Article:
Thursday 20 July 2023

Birding highlights in Cornwall July 2023

 July started with some notable seawatching off Pendeen Watch.  The 1st and 2nd saw a front move in from the west, creating perfect conditions for Pendeen.  Highlights included high numbers of petrels including 144 Storm Petrel on the 1st and another 24 on the 2nd.  At least three Wilson's Petrels were found. The first one was found at 06:23 and another at 09:20.  Incredibly, another was found at exactly 06:23 on the following day (2nd). This could easily  be the same bird circuit feeding, though difficult to prove either way. Sooty Shearwater numbers maxed out at 13, itself quite a high number for the time of year. Two Great Shearwaters were also seen plus an early Fea's type Petrel from the lower slope.

A small influx of Cory's Shearwaters appeared on the 3rd with four off Porthgwarra and a single off Lizard Point.

Wilson's Petrel, Pendeen, just beyond left rock, footage courtesy Mike McKee.

The first summer Night Heron continued to show occasionally at Marazion Marsh.  The elusive immature bird showed well on the 2nd at 06:00.

The warm seas around Cornwall and Scilly are clearly attractive to seabirds. On the 3rd, 18 Wilson's Petrels, two Great Shearwaters, 4 Sabines Gulls were seen off the Scilly Sapphire pelagic trip.  Not to be outdone, the following day six Wilson's were seen off Porthgwarra plus two Cory's, one Bonxie and five Arctic Skuas.  Six Wilson's from a single location matches the record set in 2022 when six were also seen from Porthgwarra.  Given the warm sea temperatures, most likely the record will be broken again soon.

On Saturday 8th, an interesting large shearwater showed strong characteristics of Scopoli's Shearwater.  It spent three hours in the wider Runnelstone area, showing at least seven times and once reasonably close.  Some video footage was taken by Mike McKee and some still grabs were enhanced by Nigel Rogers. (See two pictures below). The extensive white underwing with narrow black border, white base to primaries, smallish bill, straight and relatively narrow wings held more like a Great Shearwater and with a distinctive flight (completely unlike a feeding Cory's), hint of a W across the upperwing and generally smaller size could be seen well.  Following a lot of analysis and discussion of the video footage, combined with strong suspicions and more than a whiff of Scopoli's on the day, the video file will be shown to more experienced seawatchers, ultimately for onward submission.

Scopoli's Shearwater by Mike McKee.

Scopoli's Shearwater, Porthgwarra, video grab by Mike McKee
enhanced by N Rogers.

Cory's Shearwaters arrived in numbers on the 10th when nine were seen off Porthgwarra, along with one Great and one Sooty.  Perfect timing on the 13th paid dividends when 27 Cory's were seen in the evening at Porthgwarra along with the first Long-tailed Skua of the year. Presumably the same first summer bird was seen later off Scilly on one of the Sapphire pelagic trips.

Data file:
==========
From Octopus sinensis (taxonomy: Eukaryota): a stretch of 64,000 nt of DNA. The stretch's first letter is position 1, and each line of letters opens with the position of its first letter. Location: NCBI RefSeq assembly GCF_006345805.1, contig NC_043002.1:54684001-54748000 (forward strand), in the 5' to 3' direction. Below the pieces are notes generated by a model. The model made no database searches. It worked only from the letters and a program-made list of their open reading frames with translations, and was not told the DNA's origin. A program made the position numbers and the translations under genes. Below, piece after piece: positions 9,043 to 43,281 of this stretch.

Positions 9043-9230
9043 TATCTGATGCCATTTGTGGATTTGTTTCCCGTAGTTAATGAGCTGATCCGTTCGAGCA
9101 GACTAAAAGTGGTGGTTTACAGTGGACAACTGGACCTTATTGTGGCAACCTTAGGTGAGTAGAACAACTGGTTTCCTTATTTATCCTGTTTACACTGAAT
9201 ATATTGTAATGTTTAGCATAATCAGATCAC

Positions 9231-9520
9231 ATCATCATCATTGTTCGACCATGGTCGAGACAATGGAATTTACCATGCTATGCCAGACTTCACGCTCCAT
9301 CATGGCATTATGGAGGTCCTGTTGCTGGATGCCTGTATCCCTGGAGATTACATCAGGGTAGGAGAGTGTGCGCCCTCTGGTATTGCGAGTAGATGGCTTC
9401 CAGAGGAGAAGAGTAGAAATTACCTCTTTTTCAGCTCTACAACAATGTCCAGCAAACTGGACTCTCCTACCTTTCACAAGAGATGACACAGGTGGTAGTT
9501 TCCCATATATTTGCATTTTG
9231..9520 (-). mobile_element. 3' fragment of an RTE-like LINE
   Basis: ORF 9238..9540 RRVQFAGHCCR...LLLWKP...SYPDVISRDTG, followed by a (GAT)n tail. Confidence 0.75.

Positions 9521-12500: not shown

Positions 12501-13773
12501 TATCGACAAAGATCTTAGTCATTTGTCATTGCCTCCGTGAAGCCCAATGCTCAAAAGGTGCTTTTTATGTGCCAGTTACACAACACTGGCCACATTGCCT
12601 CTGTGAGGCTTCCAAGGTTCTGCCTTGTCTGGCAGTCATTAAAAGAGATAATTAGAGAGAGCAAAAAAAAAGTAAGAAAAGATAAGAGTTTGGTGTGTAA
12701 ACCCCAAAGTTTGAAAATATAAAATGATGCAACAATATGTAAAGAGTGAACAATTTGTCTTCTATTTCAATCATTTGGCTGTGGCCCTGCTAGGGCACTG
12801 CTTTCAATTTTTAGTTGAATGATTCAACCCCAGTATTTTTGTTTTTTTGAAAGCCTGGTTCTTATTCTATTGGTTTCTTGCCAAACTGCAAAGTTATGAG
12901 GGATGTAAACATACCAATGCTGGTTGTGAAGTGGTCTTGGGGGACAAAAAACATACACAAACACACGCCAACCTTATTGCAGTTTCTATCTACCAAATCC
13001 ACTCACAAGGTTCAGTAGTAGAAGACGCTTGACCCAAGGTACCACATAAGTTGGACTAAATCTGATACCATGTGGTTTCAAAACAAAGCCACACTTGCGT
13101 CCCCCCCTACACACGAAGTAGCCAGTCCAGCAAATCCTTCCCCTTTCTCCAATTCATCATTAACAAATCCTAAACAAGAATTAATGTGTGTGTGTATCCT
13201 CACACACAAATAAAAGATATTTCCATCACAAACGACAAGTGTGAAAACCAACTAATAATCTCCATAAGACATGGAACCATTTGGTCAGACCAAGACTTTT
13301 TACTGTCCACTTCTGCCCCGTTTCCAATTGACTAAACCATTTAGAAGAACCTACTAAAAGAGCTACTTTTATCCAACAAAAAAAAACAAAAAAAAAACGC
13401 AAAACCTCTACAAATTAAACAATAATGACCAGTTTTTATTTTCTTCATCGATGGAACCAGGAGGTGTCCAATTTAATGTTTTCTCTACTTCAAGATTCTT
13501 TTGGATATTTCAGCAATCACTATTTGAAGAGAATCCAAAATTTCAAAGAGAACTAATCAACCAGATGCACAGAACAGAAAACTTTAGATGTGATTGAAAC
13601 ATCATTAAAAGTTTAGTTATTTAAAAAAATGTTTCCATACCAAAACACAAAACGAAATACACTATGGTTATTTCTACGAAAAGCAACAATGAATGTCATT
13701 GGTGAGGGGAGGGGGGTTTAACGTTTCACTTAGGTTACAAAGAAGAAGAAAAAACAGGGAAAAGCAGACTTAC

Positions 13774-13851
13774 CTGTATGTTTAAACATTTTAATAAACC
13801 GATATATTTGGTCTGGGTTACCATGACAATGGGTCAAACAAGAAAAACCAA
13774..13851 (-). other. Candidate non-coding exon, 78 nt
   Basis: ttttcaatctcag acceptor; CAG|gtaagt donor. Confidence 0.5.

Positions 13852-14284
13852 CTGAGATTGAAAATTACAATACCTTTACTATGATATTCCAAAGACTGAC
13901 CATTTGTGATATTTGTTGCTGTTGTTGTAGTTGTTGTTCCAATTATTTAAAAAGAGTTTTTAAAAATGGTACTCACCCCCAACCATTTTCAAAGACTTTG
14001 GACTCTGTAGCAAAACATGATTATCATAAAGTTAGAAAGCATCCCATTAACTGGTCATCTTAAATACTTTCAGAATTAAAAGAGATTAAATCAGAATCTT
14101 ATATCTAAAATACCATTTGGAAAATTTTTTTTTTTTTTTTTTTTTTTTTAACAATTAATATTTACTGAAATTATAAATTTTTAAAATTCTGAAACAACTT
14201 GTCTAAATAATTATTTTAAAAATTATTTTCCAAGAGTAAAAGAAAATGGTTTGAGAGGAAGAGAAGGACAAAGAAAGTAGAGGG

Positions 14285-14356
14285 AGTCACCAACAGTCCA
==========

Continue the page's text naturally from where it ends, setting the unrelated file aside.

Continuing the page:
A strong South to South-West wind on the 14th was the start of some really special seawatching off Porthgwarra. The highlight was a Wilson's Petrel, 2 Pomarine Skua's, 58 Euro Stormy, one Great Shearwater and 14 Sooty's.  The following day an absolute gem of a bird was found.  Just three birders found a Little (Barolo) Shearwater late in the afternoon. This is approximately Cornwall's 10th record and is a real prize find. Amazingly it was found again late in the day on the 16th and 17th.  

Extreme crops of Barolo Shearwater, Porthgwarra, July 2023, pics by Nigel Rogers

The wind changed to West on the 16th. The highest count of Cory's Shearwaters so far this year came on the 16th when 35 were counted passing Pendeen.  Some were passing close just beyond the rocks.

The first proper summer storm arrived on Saturday 22nd.  As always, a south to south-west wind is accompanied by rain, a lot of it.  Although uncomfortable to watch in, rain normally brings seabirds and Saturday didn't disappoint.  Nine Cory's Shearwaters and one Great passed Porthgwarra, the former very close to the headland.

The first serious numbers of Cory's Shearwater were recorded on the 26th July when 152 passed Porthgwarra.  A strong West to south westerly airflow directly from Biscay and the Approaches clearly brought with it some high numbers. Also included with this summer storm were 14 Great Shearwaters and a Wilson's Petrel in Falmouth Bay.

Weather chart for 26th July 2023 showing strong westerly airflow

A further 232 Cory's passed Porthgwarra on the 27th, plus five Great Shearwater, 17 Sooty and a sub-adult Long-tailed Skua. Not a bad haul. Summer storms are firmly on the birding calendar!

The 30th July 2023 change the record books for Cory's Shearwater at least.  A massive flock of some 6500 birds (minimum) moved west past Porthgwarra.  Many stayed for a few hours to feed a mile or so off the coast, before moving on again around 4pm.  I stress this is the absolute minimum as many more tiny silhouettes could be seen distantly but uncountable.  An astonishing 16000 were also apparently logged from Scilly.  The reason for this irruption is the unprecedented heatwave in the Mediterranean.  The traditional feeding areas have lacked the rich nutrients flowing from Spain and France in to the med. Shearwaters in particular will search out new feeding areas. To add to the scene, a Fea's Petrel appeared late in the day along with 150+ Great Shearwaters and two Wilson's Petrels.

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